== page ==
Every 43 seconds, someone in the United States has a heart attack. They are the leading cause of death for both men and women, yet heart attacks are largely preventable through healthier lifestyles. So the community of New Ulm, Minnesota set out to combat this national trend in its own small-town way. This is the story behind the documentary film, Hearts Beat Back: The Heart of New Ulm Project, screening at the 2016 Healthcare Analytics Summit. Dale Sanders, along with New Ulm Medical Center President, Toby Freier, will lead a presentation titled, Population Health: Lessons from One of the Nation’s Most Innovative Rural Community Models, followed by the documentary film. It’s a look inside the 10-year journey that has spurred an entire community toward improved health with remarkable results. It’s destined to be an inspiration for all HAS attendees, as well as healthcare populations all across America.
Learn more about Chris Keller
Chris Keller brings a breadth of technology marketing and research experience to Health Catalyst having worked in management for several start-ups including Balihoo, Clearwater Analytics, and PC-Doctor where he helped to define and execute awareness, and revenue generating lead programs as well as market research and competitive intelligence activities. Previously, Chris managed the product development and launch of several multi-billion dollar color laser printers for Hewlett-Packard. Prior to that, he managed web development for Brigham Young University's Center for Instructional Design, an organization pioneering many of the earliest uses of web-based educational technology. Chris Keller has a Master’s degree in Business and a BA in Communications from Brigham Young University.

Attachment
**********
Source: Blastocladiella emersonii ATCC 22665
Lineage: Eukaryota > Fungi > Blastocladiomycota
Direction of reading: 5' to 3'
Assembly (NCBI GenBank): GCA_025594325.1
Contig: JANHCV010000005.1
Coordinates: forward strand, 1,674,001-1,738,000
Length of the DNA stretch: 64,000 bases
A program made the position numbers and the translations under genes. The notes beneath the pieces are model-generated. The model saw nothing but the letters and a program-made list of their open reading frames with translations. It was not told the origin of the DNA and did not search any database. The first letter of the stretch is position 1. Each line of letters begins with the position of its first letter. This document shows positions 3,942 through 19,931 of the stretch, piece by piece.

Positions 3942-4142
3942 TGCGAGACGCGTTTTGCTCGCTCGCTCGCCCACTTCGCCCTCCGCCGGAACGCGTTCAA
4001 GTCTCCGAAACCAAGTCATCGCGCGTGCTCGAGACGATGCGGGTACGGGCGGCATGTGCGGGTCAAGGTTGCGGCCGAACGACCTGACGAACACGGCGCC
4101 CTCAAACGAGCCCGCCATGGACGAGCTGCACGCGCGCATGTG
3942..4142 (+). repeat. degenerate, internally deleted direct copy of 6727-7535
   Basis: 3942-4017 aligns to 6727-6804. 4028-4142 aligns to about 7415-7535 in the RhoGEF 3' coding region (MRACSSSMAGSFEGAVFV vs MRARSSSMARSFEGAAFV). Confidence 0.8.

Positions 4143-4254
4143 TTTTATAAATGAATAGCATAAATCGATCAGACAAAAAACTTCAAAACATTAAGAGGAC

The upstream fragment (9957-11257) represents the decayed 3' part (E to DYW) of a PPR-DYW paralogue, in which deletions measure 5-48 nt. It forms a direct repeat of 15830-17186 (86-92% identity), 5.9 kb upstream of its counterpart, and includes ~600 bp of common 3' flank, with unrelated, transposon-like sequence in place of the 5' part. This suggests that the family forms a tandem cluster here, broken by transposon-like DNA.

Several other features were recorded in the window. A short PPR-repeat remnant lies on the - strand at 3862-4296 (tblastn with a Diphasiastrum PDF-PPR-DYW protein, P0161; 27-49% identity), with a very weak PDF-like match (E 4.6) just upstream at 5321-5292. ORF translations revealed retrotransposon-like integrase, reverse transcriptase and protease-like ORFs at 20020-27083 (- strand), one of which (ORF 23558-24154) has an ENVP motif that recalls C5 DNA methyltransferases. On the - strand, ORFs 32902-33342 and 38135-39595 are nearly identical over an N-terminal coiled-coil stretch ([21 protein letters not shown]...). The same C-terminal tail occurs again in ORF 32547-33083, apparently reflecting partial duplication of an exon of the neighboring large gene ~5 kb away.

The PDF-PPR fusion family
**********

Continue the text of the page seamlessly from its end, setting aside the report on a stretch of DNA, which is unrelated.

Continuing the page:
Read articles by Chris Keller
I spent a few weeks this summer creating a documentary of the work of Dr. Devi Shetty. One of the most memorable moments of this experience was when I talked with Dr. Shetty himself while he was performing a heart operation on an 18-month-old boy. It was an enlightening and amazing time, where I fully learned why Dr. Shetty deserves the title bestowed on him by the WSJ, the “Henry Ford of healthcare.” His ultimate goal is to reduce the cost of heart surgery from $3,000 to $800 by evaluating each cost component. He has opened hospitals all across the world offering low-cost, high-quality care. Could this model work for the U.S.? It’s a wonderful thing to hope for.